1921 Ch g. Kenilworth – Keego
|Auction Notice 'The Argus' 7/03/1927|
|Mr Richard Turnbull|
Gus Powell’s property at Lysterfield near Dandenong became Mosstrooper’s new home, and being used as a stock horse by Powell to round-up cattle was his new profession, a far cry from the colour and excitement of the racetrack.
Complete Jumps Record
42 Starts - 11 Wins 5 Seconds 5 Thirds
After contesting 25 races over 4 years, Mosstrooper, having his third start over the hurdles, wins his first race.
('Doncaster' The Argus – 1/07/1929)
('Doncaster' The Argus - 1/08/1929)
|William 'Bill' Murrell|
|H.J. 'Bert' Thompson|
|Mosstrooper clears the last jump in the Australian Hurdle|
Throughout the early betting on the Australian Hurdle Race, May Day was a pronounced favorite. His position was assured when he beat Kentle in the Doutta Galla Hurdle Race at Flemington. May Day was previously fourth in the Grand National Hurdle Race, and, to many backers, the way seemed cleared for him when the placed horses in the Grand National — Kentle, Chumree and Bay of Biscay — passed over the Australian Hurdle Race. Little better than 3 to 1 was laid against May Day, and he started at 5 to 2. After his miserable failure in the Hurdle Race at Moonee Valley the previous week, there was a tendency to dismiss Mosstrooper from the calculations on the Australian Hurdle, although he was still in good demand for the Australian Steeplechase. Mosstrooper was given another chance to show up as a hurdler at Aspendale Park last Wednesday, and he improved so well on his Moonee Valley showing that he won, and he came into favor for the Caulfield event again. From much longer prices Mosstrooper shortened so much that on Saturday he started a firm second favorite to May Day at 4 to 1. There was also very heavy backing for Sir Eaton, who ran second to Mosstrooper at Aspendale Park, and Longlands, who went amiss before the Grand National, and had to dodge that race. – They started at 8 to 1, with Bavaroy and Sayles at 10 to 1. The outsiders of the party were Leontes and the Sydney candidate, Scudalong, who had been sent over especially for the race.
|Mosstrooper cruises past the post in the Australian Hurdle|
WON 10/08/1929 Caulfield: Australian Steeplechase-3 ½ miles
|Mosstrooper leads the field past the stand in the Australian Steeplechase|
4th 14/09/1929 Moonee Valley: Steeplechase-2 ½ miles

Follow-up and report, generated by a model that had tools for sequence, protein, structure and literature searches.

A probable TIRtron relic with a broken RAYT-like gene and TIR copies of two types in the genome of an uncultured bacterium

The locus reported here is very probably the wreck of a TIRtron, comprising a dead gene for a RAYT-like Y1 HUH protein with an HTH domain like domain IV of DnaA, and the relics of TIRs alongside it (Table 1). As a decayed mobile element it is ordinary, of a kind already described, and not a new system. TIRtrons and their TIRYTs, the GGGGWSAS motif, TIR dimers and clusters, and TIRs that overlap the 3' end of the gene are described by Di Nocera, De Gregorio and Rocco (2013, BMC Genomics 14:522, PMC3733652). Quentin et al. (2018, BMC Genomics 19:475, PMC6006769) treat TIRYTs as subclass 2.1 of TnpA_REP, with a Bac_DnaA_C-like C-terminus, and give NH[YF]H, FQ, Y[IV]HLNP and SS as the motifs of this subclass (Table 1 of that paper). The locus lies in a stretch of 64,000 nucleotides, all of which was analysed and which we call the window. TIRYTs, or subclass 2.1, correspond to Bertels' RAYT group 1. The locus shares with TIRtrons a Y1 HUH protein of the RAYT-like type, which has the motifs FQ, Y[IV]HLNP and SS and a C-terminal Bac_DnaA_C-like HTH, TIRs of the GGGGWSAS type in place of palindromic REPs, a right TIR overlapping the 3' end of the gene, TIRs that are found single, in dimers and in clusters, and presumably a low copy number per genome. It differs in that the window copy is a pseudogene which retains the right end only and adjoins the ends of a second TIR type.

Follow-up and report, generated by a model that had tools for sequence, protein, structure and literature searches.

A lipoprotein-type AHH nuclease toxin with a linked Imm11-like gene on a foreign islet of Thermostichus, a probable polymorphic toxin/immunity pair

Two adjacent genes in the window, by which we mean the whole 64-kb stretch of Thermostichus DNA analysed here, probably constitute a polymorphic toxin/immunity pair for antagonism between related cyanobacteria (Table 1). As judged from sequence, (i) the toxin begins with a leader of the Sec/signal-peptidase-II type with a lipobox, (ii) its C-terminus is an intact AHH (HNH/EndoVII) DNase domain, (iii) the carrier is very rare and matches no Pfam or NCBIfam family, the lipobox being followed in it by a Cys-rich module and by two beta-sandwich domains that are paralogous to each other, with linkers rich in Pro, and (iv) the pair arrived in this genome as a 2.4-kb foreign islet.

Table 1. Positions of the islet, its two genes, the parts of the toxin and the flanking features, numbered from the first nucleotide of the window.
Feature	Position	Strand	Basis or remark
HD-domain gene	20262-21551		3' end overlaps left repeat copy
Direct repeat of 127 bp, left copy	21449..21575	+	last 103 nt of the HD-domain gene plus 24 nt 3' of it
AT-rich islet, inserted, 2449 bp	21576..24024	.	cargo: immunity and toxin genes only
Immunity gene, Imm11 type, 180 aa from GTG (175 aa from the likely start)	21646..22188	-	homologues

3rd Gulyarri 10.9 (10/1) R. Turner. Hd x lg/nk. Time 4:58 ¾ (race record)
4 len x 2 ½ len. Time 5:51 ½
|Mosstrooper leads Johnny Cake and Tirade over the last hurdle|
4len x 3 len. Time 6:28 ½
|Mosstrooper leads Woomera and Kentle in the Grand National Steeplechase|
Expectations that the race would be one of the most interesting of the Nationals ever seen were centred mainly in the hope that Nightlark would make a merry pace again and that Sandhurst would go after him all the way. The expectations were realised to a certain extent, but Nightlark disappointed in the amount of lead that he did obtain. He did not take his fences with his customary dash and the result was that the greatest lead that he ever had was about ten lengths. Good Whiskey chased Nightlark over the first three fences, but after they had gone six furlongs of their three miles journey, Sandhurst was in second place. Nightlark hurdled the fences all the way to the turn into the straight, where he was about ten lengths in front of Sandhurst, but he showed an aversion to the five jumps in the straight again and he lost the greater part of his lead. In fact, Nightlark was only a little more than a length in front of Sandhurst when they started to jump the three fences along the river-side the second time, and when they reached the third of them Nightlark had had enough. He toppled over there, but his fall was brought about by weariness.
|Mosstrooper leads Lord Darnley over the last in the Australian Hurdle|
Although the Australian Hurdle is run over a distance of approximately three and a quarter miles, usually a fast pace is set all the way. On this occasion the one who attended to the pacemaking was Rossgole. Apparently his connections considered the best chance for him was to set a solid pace, and thus carry the topweights off their feet. Rossgole tried to run down his hurdles when on his own, and consequently, was never able to get very far away. About a mile from home he was out about 12 lengths, but he tired soon after that, and was a very weary horse at the finish, his rider pulling him up after he had jumped the last hurdle. Throughout the race the greater portion of the crowd had eyes for Mosstrooper only. They watched him closely from start to finish, and it cannot be denied that he gave his admirers some anxious moments. Early, Harris allowed him to drop back to last, and he made no effort to move up until they were about a mile and a quarter from home. Turning out of the straight for the last round, Harris took Mosstrooper on the outside of the field, where there was little chance of interference and the gelding commenced to bridge the gap. At the mile Rossgole was out 12 lengths from Swahilli while Paul T, Reonui, and Mosstrooper were almost in line next. It was then that Mosstrooper's admirers had their greatest fright.
6th 6/06/1932 Flemington: Marlborough Hurdle-2 ¼ miles
(Sydney Morning Herald – 17/07/1933)
|Mosstropper ends his illustrious career with a game second to Redditch in the Australian Steeplechase|
Mosstrooper was spelled after the Australian Steeple and Gus Powell was in two-minds whether to retire his champion or bring him back for a chance to add to his already outstanding record. Powell said that if Mosstrooper gave any indication while spelling that he could still be competitive, then he would not hesitate in putting him back into training.
When Mosstrooper died he was buried at Netherlea and a headstone was placed on his grave. It is still there today.
The inscription reads:
Here Lies Mosstrooper
Best Horse Ever
1921 - 1946
Complete Career Record